Both routes also allow access to the campsites at Altsigh.

Find out about Pitchup campsites at Drumnadrochit

Day Six - Drumnadrochit to Inverness (20 miles)

This longest section of the Great Glen Way can be split into two days, as there is limited camping accommodation at Abriachan (seven miles) – if you’re after a bit of luxury in a cosy wooden pod by this stage of the walk, consider staying at Camping Pod Heaven.

Out of Drumnadrochit a stretch of the walk is on pavement along the A82, followed by a winding, steep path through forest to Craig Nay – from here a track leads to Abriachan. After more road walking, the trail heads back onto a forest track, following a former 18th-century drovers’ road, along which livestock was taken to market in southern Scotland.

On the approach into Inverness, the Great Glen Way hops onto the Ness Islands and follows the River Ness to finish at Inverness Castle.

Dubbed the 'Capital of the Highlands', the riverside city of Inverness has all the shops, pubs, cafés and accommodation you could need, as well as onward transport options.

See Pitchup campsites in Inverness

Arriving in Inverness (Pixabay)

Planning for the Great Glen Way

Planning a long hike like this can feel a little daunting, but below we offer information on when to do the walk and show you where to find information on packing, plus a couple of expert tips that will make your hike more pleasant.

What to pack

Check out our ultimate list of what to pack for a camping holiday, and add in a few extras to deal with issues you may encounter along the Great Glen Way.

  • Always carry midge repellent: especially in July and August, although the midge season stretches from June through to September. Most local pharmacies and shops sell midge repellent and/or nets. 
  • Take a tick remover: ticks are a problem in the Scottish Highlands, so take a tick-removal tool – especially useful if you’re walking with dogs, as they can pick ticks up in long grass or heather.

Urquhart Castle overlooking Loch Ness (Ramon Vloon / Unsplash)

When to go

  • The weather in the Scottish Highlands is notoriously fickle, so whenever you decide to hike the Great Glen Way, be well prepared for everything from rain storms to bright sunshine. 

  • Spring and autumn are great times to walk the route, with fewer crowds and lots of places in the campsites. Most importantly, there are fewer midges to drive you to distraction with their constant biting.

  • June through to the end of August sees the trail become crowded, especially during the school holidays. Although you may have better weather, the midges are out in force by August.

  • Although the Great Glen Way stays open over winter, the days are shorter, the weather will be challenging, and many facilities may close. Some campsites stay open all year, but it’s wise to be prepared for pitching up in winter.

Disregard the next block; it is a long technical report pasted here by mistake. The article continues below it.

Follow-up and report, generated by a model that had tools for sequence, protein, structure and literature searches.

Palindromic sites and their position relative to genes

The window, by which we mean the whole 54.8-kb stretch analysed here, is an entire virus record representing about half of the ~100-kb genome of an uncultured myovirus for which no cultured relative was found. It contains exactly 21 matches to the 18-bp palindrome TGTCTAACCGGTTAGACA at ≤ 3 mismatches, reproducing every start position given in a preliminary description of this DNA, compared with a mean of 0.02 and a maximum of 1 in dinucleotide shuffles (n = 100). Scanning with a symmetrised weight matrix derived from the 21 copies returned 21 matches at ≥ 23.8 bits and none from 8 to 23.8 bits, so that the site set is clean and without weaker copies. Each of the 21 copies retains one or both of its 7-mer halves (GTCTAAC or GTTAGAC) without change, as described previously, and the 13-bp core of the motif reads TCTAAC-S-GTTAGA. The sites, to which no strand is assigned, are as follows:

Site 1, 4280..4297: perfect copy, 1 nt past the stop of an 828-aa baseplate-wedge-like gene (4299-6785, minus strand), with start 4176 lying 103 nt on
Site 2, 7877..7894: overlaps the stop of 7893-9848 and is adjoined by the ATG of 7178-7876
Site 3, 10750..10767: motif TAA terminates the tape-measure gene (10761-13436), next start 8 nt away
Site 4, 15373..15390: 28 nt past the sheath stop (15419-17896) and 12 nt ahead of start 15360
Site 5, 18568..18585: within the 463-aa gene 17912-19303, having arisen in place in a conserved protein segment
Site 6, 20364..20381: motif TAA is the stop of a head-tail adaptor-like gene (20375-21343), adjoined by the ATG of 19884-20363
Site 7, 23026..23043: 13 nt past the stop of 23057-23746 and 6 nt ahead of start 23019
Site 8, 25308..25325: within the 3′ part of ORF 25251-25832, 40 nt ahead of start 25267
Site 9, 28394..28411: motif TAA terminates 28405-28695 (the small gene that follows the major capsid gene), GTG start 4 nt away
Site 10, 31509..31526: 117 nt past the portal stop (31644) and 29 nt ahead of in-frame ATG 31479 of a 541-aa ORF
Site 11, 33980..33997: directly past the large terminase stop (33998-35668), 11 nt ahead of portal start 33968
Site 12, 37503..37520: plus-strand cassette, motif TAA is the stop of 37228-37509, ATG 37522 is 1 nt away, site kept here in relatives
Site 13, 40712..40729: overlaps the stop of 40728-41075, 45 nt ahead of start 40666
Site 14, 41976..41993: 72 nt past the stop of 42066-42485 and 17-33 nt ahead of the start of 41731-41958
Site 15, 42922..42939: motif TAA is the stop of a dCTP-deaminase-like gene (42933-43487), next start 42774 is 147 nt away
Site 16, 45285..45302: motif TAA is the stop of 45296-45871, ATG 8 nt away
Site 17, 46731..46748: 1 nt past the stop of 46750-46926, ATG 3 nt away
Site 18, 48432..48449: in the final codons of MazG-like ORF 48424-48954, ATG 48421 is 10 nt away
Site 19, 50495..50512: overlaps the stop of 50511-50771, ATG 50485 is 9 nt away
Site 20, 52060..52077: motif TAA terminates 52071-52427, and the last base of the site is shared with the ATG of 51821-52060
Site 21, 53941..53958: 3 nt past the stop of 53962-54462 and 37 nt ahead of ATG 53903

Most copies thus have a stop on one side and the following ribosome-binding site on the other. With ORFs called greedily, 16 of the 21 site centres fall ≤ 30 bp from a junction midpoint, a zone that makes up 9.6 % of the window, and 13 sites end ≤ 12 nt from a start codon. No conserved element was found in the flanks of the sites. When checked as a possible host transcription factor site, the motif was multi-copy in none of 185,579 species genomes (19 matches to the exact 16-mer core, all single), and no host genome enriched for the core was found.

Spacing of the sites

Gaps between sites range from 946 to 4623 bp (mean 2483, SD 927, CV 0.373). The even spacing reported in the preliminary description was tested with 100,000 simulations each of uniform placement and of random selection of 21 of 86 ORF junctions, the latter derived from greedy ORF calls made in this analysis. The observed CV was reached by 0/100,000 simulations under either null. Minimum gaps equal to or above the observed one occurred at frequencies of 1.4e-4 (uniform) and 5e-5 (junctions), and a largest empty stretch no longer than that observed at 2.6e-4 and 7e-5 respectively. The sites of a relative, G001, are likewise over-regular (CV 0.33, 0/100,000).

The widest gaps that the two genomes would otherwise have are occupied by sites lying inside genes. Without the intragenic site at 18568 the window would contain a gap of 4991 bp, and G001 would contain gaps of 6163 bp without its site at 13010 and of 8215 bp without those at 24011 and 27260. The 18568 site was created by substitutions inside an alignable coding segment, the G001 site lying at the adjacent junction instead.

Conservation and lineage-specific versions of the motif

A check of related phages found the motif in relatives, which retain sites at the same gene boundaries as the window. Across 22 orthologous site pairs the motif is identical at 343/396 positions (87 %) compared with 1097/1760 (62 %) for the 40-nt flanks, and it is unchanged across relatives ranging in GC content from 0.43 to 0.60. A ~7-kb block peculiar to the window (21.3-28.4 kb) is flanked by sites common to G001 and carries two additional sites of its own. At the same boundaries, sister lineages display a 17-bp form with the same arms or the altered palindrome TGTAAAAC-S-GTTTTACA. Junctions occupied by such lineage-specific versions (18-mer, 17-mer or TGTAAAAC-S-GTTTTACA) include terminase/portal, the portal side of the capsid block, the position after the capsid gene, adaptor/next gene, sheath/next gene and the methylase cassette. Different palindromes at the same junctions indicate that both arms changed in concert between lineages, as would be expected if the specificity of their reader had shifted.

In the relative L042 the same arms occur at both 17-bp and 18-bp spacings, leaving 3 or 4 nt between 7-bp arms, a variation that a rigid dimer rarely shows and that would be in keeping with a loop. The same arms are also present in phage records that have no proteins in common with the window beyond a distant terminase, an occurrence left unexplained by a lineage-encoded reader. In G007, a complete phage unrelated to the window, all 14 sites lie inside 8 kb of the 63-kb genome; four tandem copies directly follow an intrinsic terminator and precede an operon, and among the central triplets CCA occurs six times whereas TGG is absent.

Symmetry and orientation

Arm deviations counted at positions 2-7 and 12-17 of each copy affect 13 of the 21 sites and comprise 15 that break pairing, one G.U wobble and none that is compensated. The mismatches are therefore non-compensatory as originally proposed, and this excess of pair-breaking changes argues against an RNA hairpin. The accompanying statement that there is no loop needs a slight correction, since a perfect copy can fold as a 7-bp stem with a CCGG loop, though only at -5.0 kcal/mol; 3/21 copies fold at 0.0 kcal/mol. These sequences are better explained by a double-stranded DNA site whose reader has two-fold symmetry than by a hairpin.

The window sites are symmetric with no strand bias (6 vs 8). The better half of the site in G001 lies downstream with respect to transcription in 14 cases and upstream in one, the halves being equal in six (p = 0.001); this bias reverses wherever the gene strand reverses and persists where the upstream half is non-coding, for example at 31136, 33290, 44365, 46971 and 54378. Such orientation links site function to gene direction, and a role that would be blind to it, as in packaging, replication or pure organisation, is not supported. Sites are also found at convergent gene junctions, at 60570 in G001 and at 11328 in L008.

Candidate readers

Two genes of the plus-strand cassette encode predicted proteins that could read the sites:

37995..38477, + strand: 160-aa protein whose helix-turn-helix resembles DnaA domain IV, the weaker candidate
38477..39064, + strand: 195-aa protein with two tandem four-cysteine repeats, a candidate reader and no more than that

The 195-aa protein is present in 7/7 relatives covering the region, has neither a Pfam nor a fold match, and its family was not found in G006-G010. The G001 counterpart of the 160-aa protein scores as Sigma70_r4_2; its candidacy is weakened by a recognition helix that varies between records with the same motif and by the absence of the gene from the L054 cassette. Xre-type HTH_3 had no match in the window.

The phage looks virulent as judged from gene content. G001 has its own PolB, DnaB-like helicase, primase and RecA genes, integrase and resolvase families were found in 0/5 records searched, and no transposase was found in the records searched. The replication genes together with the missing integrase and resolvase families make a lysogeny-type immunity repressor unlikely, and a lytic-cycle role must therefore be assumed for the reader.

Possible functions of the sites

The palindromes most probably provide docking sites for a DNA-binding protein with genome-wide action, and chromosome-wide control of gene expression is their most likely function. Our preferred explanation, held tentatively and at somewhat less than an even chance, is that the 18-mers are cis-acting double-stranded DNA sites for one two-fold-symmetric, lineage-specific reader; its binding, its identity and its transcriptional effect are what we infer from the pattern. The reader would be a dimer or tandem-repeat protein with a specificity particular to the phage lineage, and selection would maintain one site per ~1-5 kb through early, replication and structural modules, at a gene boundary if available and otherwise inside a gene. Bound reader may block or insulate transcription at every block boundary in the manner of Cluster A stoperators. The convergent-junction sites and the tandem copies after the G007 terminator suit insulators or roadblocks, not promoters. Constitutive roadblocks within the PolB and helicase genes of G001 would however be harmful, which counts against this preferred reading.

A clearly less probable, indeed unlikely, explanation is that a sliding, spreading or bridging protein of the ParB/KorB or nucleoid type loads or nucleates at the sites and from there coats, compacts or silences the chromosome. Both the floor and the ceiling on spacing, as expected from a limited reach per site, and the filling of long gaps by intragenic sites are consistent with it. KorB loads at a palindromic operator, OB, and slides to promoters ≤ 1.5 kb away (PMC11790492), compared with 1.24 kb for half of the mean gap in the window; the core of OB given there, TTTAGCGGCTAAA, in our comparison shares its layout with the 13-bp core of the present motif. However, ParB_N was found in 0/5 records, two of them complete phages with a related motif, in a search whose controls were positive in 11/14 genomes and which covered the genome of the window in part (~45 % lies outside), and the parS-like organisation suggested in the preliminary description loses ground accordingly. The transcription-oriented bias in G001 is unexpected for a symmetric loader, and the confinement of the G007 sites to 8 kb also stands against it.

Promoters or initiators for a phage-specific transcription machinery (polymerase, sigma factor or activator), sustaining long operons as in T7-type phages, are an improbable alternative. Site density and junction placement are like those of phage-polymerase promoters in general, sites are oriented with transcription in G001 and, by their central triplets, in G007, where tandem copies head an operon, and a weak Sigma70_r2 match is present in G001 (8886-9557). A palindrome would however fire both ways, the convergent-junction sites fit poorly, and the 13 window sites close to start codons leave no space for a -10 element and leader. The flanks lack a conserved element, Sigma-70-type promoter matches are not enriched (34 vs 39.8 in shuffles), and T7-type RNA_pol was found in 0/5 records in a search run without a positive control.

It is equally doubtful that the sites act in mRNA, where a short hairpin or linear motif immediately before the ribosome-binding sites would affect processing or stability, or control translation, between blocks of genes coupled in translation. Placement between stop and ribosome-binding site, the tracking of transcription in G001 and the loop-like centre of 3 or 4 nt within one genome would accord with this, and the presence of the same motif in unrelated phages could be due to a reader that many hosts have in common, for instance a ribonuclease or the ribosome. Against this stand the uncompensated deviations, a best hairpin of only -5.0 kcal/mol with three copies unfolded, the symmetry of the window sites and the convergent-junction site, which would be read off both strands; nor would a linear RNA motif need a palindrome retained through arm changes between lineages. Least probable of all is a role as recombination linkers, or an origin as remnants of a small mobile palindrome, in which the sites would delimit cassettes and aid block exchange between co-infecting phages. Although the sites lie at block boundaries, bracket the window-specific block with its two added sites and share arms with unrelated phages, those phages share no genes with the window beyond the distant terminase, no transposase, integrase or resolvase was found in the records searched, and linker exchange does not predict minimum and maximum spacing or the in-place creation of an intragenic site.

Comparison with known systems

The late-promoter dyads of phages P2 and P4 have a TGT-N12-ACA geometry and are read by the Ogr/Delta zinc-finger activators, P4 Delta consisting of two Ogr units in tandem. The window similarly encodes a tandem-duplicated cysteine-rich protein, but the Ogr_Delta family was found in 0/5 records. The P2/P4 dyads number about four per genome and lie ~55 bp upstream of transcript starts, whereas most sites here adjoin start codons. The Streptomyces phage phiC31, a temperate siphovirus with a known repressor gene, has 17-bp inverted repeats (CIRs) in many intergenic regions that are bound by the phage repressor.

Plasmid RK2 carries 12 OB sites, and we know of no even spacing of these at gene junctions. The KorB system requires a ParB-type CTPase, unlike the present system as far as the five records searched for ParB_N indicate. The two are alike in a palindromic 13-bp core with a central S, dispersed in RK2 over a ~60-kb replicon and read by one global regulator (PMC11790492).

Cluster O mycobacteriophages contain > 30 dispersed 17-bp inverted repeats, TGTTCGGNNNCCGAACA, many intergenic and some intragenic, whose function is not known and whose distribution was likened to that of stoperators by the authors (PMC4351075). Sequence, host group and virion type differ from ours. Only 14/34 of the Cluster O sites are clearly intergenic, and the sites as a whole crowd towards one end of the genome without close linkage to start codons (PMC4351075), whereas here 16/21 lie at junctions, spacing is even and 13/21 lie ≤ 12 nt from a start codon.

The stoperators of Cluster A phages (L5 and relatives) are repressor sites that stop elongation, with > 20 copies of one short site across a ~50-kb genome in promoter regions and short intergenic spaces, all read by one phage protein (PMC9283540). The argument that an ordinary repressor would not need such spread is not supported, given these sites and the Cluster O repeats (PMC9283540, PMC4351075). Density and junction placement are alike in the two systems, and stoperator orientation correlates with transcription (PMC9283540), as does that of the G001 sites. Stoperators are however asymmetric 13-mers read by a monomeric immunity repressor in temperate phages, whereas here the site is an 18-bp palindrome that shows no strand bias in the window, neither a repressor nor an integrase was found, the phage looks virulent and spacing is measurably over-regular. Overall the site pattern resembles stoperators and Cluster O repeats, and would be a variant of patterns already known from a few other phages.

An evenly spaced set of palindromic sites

Staying safe on the hike

The Great Glen Way is an easy-to-moderate hike but you should still always follow the basic safety rules.

  • Always tell someone what your plan for the day is, so they can raise the alarm if an unlikely emergency happens.

  • Be sure to take enough water for the day.

  • Be prepared for poor weather conditions, even in summer.

  • Learn how to read a map, and have a basic knowledge of first aid.

  • Watch out for tick bites. If you are bitten, let your doctor know that you’ve been in a Lyme Disease area if you need medical treatment.

  • If there is an emergency, contact 999 or 112. Use what3words to pinpoint your position. 

Wild camping

Wild camping is allowed along the Great Glen Way (as it is throughout Scotland), as long as campers adhere to certain guidelines set out in the Scottish Outdoor Access Code. If you’d like to give wild camping a go, remember to pitch responsibly and legally, and be aware of the various rules:

  • Reduce the impact on your environment and don’t stay for more than three nights in one camping spot.
  • Keep groups small, quiet and well away from people’s homes and historic sights. Stay well away from roadsides too.
  • Take all your rubbish away with you.
  • There are public loos in Fort William, Corpach, Fort Augustus, Drumnadrochit, Abriachan and Inverness.
  • If there isn’t a public loo available, carry a trowel and bury your waste. Go to the loo well away from rivers, streams, canals and the lochs.
  • Use a stove to cook on if possible, but if you must have an open fire, follow the campfire safety rules, and never damage trees when collecting kindling. 
  • Never camp in crop fields or fields containing livestock.

Top tip for wild campers

The following facilities are available to boaters, walkers and cyclists on the Great Glen Way or Canoe Trail for a small charge. 

  • Canal-side toilets and showers

  • Washing machines and tumble dryers

  • Powerpoints for recharging phones and tablets

  • A map showing where the facilities are

You can pick up access keys at Corpach Sea Lock, near Fort William, and from the Seaport Marina office in Inverness, or you can call +44 (0)1463 725500 and have a key posted out to you for an additional sum. The keys must be returned at the end of your hike, and the fee helps in the upkeep of the walk.

All available pitches near Fort William 

All available pitches near Inverness

Great Glen Way camping FAQs

Is wild camping allowed on the Great Glen Way?

Wild camping is legal in Scotland, so it is permitted along the Great Glen Way but you must stick to the rules of the Scottish Outdoor Access Code: leave no trace of your campsite and take all your rubbish with you.

Can I camp on other walks from the Great Glen Way?

You can combine the Great Glen Way with camping and hiking the West Highland Way, as they converge in Fort William. This means you can effectively walk and camp from Glasgow all the way to Inverness.

How do I get to the start of the Great Glen Way?

Train services run to both Inverness and Fort William from Aberdeen, Edinburgh and Glasgow. There are no direct rail services between Fort William and Inverness, but there is a regular bus service that takes a little under two hours. If you choose to take your car there are long-term car parks in Fort William (West End Car Park) and Inverness (Rose Street Multi-Storey).

Where can I stock up for the Great Glen Way hike?

There are major supermarkets in both Fort William and Inverness. You can buy essentials along the way at post offices, garages and grocery shops, and there are pubs and restaurants in villages including Fort Augustus, Drumnadrochit and Invermoriston.

Can I cycle the Great Glen Way?

Yes, you can, although a mountain bike is recommended. If you’re cycling and camping, plan on taking three days to complete the ride, as the majority of off-road sections of the walk are on laid tracks. However, there are some hilly sections as you progress north towards Inverness, when the trail rises into the forest above Loch Ness.

Are there any other ways to follow the Great Glen Way?

Yes, you can also follow the route by boat, or paddle by canoe and kayak, along the Great Glen Canal Trail following the Caledonian Canal. If your craft is small enough for portage, you will not have to pay for a licence to be on the water, and you can camp every night at sites along the way.